Exploring an Integrative Therapy for Treating COVID-19: A Randomized Controlled Trial

Chin J Integr Med. 2020 Jul 16;1-8. doi: 10.1007/s11655-020-3426-7. Online ahead of print.

Abstract

Objectives: To develop a new Chinese medicine (CM)-based drug and to evaluate its safety and effect for suppressing acute respiratory distress syndrome (ARDS) in COVID-19 patients.

Methods: A putative ARDS-suppressing drug Keguan-1 was first developed and then evaluated by a randomized, controlled two-arm trial. The two arms of the trial consist of a control therapy (alpha interferon inhalation, 50 µg twice daily; and lopinavir/ritonavir, 400 and 100 mg twice daily, respectively) and a testing therapy (control therapy plus Keguan-1 19.4 g twice daily) by random number table at 1:1 ratio with 24 cases each group. After 2-week treatment, adverse events, time to fever resolution, ARDS development, and lung injury on newly diagnosed COVID-19 patients were assessed.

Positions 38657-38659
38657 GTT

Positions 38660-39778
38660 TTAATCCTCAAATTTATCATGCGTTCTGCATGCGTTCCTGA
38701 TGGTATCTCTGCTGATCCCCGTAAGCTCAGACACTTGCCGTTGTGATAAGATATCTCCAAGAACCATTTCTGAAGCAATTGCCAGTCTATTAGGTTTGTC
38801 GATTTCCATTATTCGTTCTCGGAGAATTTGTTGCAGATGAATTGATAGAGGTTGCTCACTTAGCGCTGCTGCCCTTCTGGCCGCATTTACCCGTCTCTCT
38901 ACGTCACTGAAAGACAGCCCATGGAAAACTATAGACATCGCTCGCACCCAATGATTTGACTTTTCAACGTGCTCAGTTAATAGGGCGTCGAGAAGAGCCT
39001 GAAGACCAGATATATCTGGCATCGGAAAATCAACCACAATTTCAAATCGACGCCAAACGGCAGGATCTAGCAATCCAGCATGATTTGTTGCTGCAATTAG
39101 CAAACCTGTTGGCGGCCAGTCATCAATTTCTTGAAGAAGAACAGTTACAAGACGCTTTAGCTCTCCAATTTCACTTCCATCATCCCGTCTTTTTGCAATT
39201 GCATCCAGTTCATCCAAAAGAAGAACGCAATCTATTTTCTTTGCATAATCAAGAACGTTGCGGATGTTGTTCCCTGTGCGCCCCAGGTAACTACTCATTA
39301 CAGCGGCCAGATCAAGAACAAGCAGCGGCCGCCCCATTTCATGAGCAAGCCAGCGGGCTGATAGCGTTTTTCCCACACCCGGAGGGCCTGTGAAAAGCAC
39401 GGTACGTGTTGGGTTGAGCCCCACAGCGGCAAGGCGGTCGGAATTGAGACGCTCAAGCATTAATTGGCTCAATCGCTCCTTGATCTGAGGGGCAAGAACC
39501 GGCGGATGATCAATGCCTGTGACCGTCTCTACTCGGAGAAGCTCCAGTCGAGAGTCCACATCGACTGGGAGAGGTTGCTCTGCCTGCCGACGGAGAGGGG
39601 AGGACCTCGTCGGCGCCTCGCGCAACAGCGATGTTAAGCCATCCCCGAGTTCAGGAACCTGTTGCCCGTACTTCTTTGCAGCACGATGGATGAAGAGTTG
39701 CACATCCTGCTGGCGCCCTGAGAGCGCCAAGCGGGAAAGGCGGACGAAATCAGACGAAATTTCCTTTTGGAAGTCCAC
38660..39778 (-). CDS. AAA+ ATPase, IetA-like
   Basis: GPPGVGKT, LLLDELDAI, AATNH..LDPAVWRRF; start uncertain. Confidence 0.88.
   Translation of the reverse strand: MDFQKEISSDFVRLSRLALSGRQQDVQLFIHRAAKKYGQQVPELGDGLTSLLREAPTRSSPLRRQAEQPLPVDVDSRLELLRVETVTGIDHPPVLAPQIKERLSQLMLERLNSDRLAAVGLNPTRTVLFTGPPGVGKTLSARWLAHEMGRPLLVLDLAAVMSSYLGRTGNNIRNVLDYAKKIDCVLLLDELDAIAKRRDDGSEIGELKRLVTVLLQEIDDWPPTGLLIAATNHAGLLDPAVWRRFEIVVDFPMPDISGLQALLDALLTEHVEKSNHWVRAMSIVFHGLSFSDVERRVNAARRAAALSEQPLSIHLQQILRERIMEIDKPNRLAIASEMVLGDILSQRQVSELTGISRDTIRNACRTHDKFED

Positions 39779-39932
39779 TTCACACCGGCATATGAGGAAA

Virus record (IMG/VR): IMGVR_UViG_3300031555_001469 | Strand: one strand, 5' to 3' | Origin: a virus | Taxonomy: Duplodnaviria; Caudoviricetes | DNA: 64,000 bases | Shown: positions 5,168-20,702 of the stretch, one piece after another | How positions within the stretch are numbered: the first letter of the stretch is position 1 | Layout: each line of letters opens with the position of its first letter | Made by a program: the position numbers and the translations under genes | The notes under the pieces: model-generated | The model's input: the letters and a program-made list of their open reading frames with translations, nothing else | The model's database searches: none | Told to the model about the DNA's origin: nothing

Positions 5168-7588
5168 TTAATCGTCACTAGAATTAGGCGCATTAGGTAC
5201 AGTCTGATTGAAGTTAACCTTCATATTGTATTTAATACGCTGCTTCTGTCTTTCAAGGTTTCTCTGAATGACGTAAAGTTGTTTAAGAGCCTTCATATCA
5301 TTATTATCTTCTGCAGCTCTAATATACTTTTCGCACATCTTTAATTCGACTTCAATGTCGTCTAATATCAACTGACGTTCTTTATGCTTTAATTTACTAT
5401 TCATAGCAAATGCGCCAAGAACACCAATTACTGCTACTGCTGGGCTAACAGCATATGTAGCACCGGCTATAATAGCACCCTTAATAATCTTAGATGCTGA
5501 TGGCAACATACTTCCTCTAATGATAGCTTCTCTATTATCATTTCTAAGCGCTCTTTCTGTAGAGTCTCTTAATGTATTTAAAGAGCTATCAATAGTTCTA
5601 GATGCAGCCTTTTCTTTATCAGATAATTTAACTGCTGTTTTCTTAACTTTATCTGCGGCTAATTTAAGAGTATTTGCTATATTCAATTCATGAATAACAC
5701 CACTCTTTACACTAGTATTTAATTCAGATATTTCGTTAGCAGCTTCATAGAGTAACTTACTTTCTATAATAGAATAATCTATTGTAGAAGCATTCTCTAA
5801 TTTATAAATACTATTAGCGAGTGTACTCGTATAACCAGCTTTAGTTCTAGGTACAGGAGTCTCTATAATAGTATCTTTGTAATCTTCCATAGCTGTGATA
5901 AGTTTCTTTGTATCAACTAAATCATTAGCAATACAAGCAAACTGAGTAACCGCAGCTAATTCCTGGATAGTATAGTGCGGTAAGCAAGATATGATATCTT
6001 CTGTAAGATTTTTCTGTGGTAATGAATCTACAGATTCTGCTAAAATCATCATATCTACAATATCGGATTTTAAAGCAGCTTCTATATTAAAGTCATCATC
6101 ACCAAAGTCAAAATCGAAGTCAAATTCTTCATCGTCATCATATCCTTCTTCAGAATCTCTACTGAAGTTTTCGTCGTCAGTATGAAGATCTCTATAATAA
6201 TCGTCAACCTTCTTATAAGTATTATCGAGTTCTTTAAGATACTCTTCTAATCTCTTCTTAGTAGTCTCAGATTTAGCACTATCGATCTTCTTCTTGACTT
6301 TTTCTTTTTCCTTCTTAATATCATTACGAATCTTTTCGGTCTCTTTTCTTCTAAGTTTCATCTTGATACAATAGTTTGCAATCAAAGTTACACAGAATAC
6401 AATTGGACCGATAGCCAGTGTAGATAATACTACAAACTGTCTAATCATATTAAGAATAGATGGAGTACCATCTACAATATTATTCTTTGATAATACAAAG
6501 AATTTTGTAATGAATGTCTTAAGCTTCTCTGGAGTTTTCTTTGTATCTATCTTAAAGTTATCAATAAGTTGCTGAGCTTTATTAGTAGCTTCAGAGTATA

Results: An analysis of the data from the first 30 participants showed that the control arm and the testing arm did not exhibit any significant differences in terms of adverse events. Based on this result, the study was expanded to include a total of 48 participants (24 cases each arm). The results show that compared with the control arm, the testing arm exhibited a significant improvement in time to fever resolution (P=0.035), and a significant reduction in the development of ARDS (P=0.048).

Conclusions: Keguan-1-based integrative therapy was safe and superior to the standard therapy in suppressing the development of ARDS in COVID-19 patients. (Trial registration No. NCT04251871 at www.clinicaltrials.gov ).

Keywords: COVID-19; Chinese medicine; SARS-CoV-2; acute respiratory distress syndrome.

Associated data

  • ClinicalTrials.gov/NCT04251871